Playoff performance doesn’t count here, but I have imagine Aaron Boone‘s third base leading 1.0 WAR would be higher if we counted his homer in Game Seven of the 2003 ALCS. He’s the leader at the position by far (0.7 WAR ahead of the next few players), hitting a modest .254/.302/.418 in 208 plate appearances and 54 games. We’ll always have that homerun though.

Left Field (link)

We’re going all the way back to 1935 for the leader in left, Jesse Hill. Mr. Hill hit .293/.362/.390 in 444 plate appearances across 107 games that season, piling up 1.8 WAR. That was his rookie year, and after the season the Yankees traded him to the Washington Senators for a guy named Bump Hadley. That’s awfully close to Perd Hapley. A bunch of recent Yankees rank second (Rondell White), third (Xavier Nady), fourth (Andruw Jones), and fifth (Austin Kearns) on the list.

Center Field (link)

The Yankees officially changed their name from the New York Highlanders in 1913, and that’s how far back we have to go for our center fielder. A gentleman by the name of Harry Wolter accumulated 1.8 WAR in 127 games that season, hitting .254/.377/.339 in 521 plate appearances. We are cheating a bit here, because Wolter had been with the Highlanders since 1910. If we’re disqualifying him, then the leader is another Harry, Harry Rice. He was worth 1.6 WAR in 100 games in 1930. Kenny Lofton is tied for third on the list with 0.7 WAR.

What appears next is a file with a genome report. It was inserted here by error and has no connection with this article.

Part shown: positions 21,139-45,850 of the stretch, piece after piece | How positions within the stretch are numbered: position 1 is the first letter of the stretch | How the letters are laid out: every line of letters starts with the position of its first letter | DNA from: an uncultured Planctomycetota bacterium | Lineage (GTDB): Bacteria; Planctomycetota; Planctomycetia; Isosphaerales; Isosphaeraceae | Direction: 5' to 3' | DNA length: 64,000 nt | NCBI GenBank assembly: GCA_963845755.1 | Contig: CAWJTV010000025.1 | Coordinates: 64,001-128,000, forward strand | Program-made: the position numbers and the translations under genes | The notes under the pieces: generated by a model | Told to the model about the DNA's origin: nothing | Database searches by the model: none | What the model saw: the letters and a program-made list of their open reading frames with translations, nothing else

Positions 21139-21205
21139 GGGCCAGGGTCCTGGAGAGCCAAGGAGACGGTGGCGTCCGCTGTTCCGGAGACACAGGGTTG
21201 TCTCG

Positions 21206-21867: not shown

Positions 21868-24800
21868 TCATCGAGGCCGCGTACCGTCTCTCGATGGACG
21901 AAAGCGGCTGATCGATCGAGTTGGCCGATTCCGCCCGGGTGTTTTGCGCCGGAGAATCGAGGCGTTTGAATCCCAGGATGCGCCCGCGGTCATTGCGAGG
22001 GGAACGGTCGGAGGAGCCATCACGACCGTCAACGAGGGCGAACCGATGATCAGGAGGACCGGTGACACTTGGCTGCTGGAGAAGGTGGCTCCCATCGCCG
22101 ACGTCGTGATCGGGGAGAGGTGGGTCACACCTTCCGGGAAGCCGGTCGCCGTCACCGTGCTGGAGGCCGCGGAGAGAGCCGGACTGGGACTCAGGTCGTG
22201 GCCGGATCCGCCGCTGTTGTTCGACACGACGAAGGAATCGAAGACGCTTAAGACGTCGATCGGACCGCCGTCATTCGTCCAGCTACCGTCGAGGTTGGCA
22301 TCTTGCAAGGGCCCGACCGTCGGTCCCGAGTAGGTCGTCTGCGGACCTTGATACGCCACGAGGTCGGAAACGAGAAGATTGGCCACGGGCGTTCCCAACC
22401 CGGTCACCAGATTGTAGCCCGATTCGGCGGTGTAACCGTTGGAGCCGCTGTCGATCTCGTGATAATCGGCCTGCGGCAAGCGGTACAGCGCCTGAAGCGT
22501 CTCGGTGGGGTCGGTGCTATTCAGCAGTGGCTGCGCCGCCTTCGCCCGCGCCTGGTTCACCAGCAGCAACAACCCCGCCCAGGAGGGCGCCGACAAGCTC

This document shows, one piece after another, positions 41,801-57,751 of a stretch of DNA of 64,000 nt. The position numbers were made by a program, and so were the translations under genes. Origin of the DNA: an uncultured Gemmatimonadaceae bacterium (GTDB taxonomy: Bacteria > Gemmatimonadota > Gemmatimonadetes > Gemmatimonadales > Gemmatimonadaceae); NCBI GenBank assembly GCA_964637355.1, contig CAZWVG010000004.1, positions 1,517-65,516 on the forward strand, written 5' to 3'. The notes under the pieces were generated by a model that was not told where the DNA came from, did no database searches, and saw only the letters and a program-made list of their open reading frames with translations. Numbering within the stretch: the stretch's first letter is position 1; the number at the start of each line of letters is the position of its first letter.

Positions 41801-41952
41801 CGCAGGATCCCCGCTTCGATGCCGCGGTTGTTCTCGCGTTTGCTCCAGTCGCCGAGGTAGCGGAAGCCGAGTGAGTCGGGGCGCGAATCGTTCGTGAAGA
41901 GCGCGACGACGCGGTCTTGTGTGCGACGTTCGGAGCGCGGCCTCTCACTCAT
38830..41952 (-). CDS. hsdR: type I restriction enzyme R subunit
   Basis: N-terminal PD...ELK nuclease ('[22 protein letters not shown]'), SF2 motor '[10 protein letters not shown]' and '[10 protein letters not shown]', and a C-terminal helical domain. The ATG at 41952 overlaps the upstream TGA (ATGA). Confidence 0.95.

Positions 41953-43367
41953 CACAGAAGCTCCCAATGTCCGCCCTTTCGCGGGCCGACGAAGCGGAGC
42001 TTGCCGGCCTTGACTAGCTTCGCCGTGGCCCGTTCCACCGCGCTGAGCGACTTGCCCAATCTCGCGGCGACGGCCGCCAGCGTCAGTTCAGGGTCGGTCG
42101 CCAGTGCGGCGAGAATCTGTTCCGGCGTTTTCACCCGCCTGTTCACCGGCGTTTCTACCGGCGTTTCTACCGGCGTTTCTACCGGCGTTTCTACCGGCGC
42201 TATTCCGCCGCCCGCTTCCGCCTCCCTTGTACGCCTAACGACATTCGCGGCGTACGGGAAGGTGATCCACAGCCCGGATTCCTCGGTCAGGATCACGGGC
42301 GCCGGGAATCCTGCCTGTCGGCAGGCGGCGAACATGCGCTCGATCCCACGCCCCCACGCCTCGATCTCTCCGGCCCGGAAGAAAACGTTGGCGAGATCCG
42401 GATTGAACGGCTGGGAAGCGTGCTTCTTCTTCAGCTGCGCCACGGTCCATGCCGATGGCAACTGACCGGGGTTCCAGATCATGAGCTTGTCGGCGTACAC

Right Field (link)

The MVP of our team is the father of a seven-time MVP. Bobby Bonds played just one season in New York after being acquired from the Giants in exchange for Bobby Murcer, but during that one season he hit .270/.375/.512 and became the first 30-30 player in Yankees history. That performance was valued at 5.2 WAR in 1975, but he was traded again after the season, this time to the Angels for Ed Figueroa and Mickey Rivers. Someone named Tim Hendryx racked up 2.6 WAR in 153 games from 1915-1917, finishing a distant second to Bonds on our right field list.

Designated Hitter (link)

The DH pickin’s are pretty slim, but Big Daddy Cecil Fielder managed to crank out 0.7 WAR in 151 games and 653 plate appearances from 1996-1997. He hit 26 homers and put up a .260/.352/.440 batting line. Number two on this list? Some kid named Jesus Montero, who hit .328/.406/.590 and was worth 0.5 WAR in 18 games for the 2011 Yankees. If we include guys that played just half of their games at DH (rather than the 75% I had been using), then Jack Clark’s 1988 season is your leader at the position (3.1 WAR).

One player worth mentioning here is Glenallen Hill. He only played in 40 games for the Yankees, split between DH and left field and pinch-hitting, but he managed to accumulate 1.4 WAR in pinstripes. That’s what happens when you slug 16 homers in 143 plate appearances. That’s rooftop power, as they say.

Starting Pitchers (link)

The starting rotation is surprisingly strong, and led by a former Cy Young Award winner. Black Jack McDowell spent just one year in pinstripes (1995), but he made exactly 30 starts and was worth 4.0 WAR in 217.2 IP. I’ll always remember him for flipping the bird to the Yankee Stadium faithful though. The number two starter might not qualify for this list within the next seven months or so, it’s Freddy Garcia. Sweaty Freddy was worth 3.4 WAR in 26 starts this past season, and there’s still a chance he’ll be back for more in 2012.